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Last edited 29 Apr 2021
A case study is a method of research which typically takes the form of an intensive and detailed examination of a particular subject and its contextual conditions. In the built environment, case studies can focus on individual buildings and their construction methods, sustainability techniques, health and safety policies, legal cases and so on.
The construction industry is widely criticised for not carrying forward knowledge from onw project to the next. By systematically investigating and analysing in-depth data and information relating to a single building, individual, process, group, and so on, a case study allows particular aspects to be considered in detail and lessons learned disseminated for the benefit of similar projects or programmes.
However, even where case studies are prepared, research has shown that it is often not in a format that is useful to readers, it often focusses on success stories rather than problems and it can be difficult to apply knowledge acquired to new situations. For that reason, case studies are generally not widely read. For more information see: Knowledge gap.
Well-known case study researchers such as Robert E. Stake, Helen Simons, and Robert K. Yin have written about case study research and suggested techniques for successfully organising and conducting research. To create a case study, they propose six steps that should be used:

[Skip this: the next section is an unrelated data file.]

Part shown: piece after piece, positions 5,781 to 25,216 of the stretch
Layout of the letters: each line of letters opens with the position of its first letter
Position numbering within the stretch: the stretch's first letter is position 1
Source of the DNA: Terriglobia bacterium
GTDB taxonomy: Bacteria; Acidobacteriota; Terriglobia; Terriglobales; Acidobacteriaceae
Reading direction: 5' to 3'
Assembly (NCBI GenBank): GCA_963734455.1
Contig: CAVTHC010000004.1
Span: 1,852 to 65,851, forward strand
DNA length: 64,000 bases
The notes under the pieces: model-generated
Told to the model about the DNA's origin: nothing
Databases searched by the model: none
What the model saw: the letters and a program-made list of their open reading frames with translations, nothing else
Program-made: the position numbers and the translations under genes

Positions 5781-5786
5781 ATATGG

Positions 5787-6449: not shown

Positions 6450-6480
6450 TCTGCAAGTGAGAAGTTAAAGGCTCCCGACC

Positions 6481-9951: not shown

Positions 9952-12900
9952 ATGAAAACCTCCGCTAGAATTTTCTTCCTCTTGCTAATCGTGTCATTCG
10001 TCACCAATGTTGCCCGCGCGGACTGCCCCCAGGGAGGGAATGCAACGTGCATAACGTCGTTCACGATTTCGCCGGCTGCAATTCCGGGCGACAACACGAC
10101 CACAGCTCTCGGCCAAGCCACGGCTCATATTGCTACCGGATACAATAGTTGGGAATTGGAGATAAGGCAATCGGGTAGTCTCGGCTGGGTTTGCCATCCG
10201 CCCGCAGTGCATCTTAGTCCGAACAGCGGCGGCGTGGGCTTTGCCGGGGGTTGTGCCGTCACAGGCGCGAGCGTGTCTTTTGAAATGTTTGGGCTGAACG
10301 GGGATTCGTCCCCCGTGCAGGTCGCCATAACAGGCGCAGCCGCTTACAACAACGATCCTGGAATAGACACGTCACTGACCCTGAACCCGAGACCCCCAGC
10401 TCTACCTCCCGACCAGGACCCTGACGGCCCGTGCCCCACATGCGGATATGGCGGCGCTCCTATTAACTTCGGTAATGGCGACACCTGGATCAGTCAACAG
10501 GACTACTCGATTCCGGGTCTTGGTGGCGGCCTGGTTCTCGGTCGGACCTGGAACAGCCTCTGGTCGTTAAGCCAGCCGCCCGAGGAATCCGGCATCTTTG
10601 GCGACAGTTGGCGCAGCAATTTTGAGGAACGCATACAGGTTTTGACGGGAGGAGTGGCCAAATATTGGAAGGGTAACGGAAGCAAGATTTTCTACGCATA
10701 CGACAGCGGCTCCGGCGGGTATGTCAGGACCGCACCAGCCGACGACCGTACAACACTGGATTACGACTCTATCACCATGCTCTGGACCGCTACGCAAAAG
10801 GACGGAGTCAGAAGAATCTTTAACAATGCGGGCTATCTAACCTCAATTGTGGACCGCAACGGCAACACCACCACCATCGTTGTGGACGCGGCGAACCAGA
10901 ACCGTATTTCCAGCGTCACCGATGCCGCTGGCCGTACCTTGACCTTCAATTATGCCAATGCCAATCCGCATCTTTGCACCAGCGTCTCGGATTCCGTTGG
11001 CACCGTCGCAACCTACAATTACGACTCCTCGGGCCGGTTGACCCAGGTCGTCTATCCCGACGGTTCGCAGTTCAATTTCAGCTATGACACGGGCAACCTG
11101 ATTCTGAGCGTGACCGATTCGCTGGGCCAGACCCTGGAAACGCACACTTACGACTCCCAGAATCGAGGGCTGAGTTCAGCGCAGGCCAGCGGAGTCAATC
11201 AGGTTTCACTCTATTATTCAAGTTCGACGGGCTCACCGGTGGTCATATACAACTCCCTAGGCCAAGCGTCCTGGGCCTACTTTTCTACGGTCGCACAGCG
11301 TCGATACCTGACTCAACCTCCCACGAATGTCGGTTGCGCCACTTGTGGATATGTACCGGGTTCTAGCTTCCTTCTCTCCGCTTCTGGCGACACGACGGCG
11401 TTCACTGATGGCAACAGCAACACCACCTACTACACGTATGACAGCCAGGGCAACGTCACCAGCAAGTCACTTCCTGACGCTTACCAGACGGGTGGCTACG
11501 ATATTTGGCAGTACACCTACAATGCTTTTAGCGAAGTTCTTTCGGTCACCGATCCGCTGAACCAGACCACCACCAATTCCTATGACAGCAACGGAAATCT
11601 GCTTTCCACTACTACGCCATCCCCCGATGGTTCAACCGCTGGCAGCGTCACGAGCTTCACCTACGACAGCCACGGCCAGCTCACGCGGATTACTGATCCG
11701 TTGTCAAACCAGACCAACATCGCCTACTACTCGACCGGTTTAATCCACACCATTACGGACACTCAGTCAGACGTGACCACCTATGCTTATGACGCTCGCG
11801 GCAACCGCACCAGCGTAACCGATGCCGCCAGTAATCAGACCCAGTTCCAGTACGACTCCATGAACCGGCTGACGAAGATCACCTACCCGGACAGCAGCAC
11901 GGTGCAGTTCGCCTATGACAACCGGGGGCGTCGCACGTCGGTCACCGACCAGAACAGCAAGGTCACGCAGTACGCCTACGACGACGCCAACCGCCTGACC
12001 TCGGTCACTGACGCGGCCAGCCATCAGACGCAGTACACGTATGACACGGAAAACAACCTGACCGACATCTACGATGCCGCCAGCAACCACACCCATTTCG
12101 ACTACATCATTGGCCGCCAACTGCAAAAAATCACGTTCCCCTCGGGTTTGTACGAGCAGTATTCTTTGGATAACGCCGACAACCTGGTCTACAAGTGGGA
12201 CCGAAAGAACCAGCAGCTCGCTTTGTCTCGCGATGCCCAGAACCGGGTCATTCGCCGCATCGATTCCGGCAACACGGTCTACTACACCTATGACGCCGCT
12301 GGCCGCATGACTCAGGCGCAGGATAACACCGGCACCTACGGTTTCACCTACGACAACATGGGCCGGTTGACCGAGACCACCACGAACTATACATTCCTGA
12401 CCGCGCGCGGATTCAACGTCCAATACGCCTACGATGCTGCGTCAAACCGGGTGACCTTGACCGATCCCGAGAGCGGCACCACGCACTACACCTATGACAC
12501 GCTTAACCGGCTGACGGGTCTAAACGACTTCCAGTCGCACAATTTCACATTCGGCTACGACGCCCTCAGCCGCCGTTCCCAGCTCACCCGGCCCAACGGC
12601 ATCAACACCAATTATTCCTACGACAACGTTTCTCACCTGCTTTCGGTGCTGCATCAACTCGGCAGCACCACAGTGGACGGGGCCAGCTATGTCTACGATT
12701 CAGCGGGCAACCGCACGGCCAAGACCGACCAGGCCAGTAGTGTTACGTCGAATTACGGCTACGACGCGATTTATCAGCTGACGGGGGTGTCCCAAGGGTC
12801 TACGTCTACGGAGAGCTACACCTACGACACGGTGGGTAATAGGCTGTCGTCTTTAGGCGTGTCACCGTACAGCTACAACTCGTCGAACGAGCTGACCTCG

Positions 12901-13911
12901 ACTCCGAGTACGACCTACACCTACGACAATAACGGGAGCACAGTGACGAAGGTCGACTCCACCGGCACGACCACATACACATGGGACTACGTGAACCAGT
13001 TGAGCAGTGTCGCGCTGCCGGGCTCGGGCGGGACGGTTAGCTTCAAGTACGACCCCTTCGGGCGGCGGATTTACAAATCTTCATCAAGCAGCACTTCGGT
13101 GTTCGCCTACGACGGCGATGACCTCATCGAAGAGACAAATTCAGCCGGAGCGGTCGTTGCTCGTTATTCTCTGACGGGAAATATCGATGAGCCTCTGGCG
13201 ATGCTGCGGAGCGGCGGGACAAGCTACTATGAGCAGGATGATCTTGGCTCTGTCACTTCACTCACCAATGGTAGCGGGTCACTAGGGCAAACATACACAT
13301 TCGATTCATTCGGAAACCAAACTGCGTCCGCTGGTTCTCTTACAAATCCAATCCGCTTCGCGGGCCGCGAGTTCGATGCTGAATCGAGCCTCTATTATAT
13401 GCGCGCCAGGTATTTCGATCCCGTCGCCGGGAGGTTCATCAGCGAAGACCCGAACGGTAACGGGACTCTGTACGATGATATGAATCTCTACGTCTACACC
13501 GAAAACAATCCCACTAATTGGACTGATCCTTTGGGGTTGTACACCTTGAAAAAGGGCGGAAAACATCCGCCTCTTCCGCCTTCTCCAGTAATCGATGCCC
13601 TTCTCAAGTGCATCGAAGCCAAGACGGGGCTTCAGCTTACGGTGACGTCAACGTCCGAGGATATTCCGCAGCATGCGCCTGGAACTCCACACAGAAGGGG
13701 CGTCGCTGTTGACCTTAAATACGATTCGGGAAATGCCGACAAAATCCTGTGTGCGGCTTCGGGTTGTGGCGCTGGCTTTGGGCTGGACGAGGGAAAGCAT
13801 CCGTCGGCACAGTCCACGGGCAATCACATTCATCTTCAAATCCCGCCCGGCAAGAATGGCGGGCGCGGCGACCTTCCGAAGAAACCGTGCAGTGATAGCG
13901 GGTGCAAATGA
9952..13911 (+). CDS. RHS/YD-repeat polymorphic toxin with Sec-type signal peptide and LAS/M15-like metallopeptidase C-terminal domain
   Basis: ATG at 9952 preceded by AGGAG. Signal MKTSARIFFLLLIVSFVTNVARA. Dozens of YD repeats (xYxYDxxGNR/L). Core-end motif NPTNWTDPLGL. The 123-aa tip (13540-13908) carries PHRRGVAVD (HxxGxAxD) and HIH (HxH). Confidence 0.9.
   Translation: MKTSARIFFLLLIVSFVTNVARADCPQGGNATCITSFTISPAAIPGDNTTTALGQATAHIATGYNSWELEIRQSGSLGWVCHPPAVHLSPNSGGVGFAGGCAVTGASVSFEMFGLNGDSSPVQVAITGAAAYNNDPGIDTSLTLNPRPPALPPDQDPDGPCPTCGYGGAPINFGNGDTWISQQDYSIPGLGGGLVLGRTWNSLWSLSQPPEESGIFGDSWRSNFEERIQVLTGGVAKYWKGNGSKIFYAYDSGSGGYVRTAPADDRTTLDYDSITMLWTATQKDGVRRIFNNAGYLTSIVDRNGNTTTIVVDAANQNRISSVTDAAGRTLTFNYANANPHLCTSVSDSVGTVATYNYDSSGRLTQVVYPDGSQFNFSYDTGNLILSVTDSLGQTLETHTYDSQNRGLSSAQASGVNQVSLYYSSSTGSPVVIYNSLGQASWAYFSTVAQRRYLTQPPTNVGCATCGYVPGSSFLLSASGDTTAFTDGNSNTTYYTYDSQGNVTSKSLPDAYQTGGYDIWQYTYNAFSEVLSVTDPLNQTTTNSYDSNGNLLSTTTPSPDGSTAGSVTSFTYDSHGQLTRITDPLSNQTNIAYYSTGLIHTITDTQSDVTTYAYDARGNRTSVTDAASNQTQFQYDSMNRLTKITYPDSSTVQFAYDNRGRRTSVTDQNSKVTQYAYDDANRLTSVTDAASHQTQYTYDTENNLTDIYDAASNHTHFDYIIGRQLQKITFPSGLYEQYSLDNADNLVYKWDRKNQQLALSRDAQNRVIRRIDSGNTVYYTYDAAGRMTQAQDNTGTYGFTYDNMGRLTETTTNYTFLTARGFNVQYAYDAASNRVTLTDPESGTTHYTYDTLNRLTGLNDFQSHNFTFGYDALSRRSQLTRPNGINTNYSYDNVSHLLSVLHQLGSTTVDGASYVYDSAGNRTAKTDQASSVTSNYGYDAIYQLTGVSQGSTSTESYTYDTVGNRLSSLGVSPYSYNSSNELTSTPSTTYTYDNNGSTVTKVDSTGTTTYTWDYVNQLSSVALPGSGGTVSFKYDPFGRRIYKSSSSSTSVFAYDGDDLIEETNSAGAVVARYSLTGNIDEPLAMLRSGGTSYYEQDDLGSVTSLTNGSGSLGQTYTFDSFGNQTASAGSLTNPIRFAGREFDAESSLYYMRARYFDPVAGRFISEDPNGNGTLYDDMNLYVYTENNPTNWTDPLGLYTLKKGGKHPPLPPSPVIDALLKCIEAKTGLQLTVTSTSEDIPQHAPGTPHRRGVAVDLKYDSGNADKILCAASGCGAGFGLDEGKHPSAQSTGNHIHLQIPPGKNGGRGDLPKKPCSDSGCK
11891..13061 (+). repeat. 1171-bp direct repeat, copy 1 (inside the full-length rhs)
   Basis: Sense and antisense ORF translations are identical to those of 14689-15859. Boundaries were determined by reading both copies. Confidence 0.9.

- Determine and define the research questions.
- Select the cases and determine data gathering and analysis techniques.
- Prepare to collect the data.
- Collect data in the field.
- Evaluate and analyse the data.
- Prepare the report.
NB Digital Twin Toolkit, Developing the business case for your digital twin, published by cdbb in February 2021, defines a case study as: ‘…a backward-looking description of the implementation of a solution. It outlines the initial expectations and potential triggers to launch the project, the journey (steps taken, blockers encountered, enablers), the solution itself (data, technology involved …), the learnings, and final outcomes (costs and benefits). A case study may be referred to as a use case scenario and may reference use cases.’
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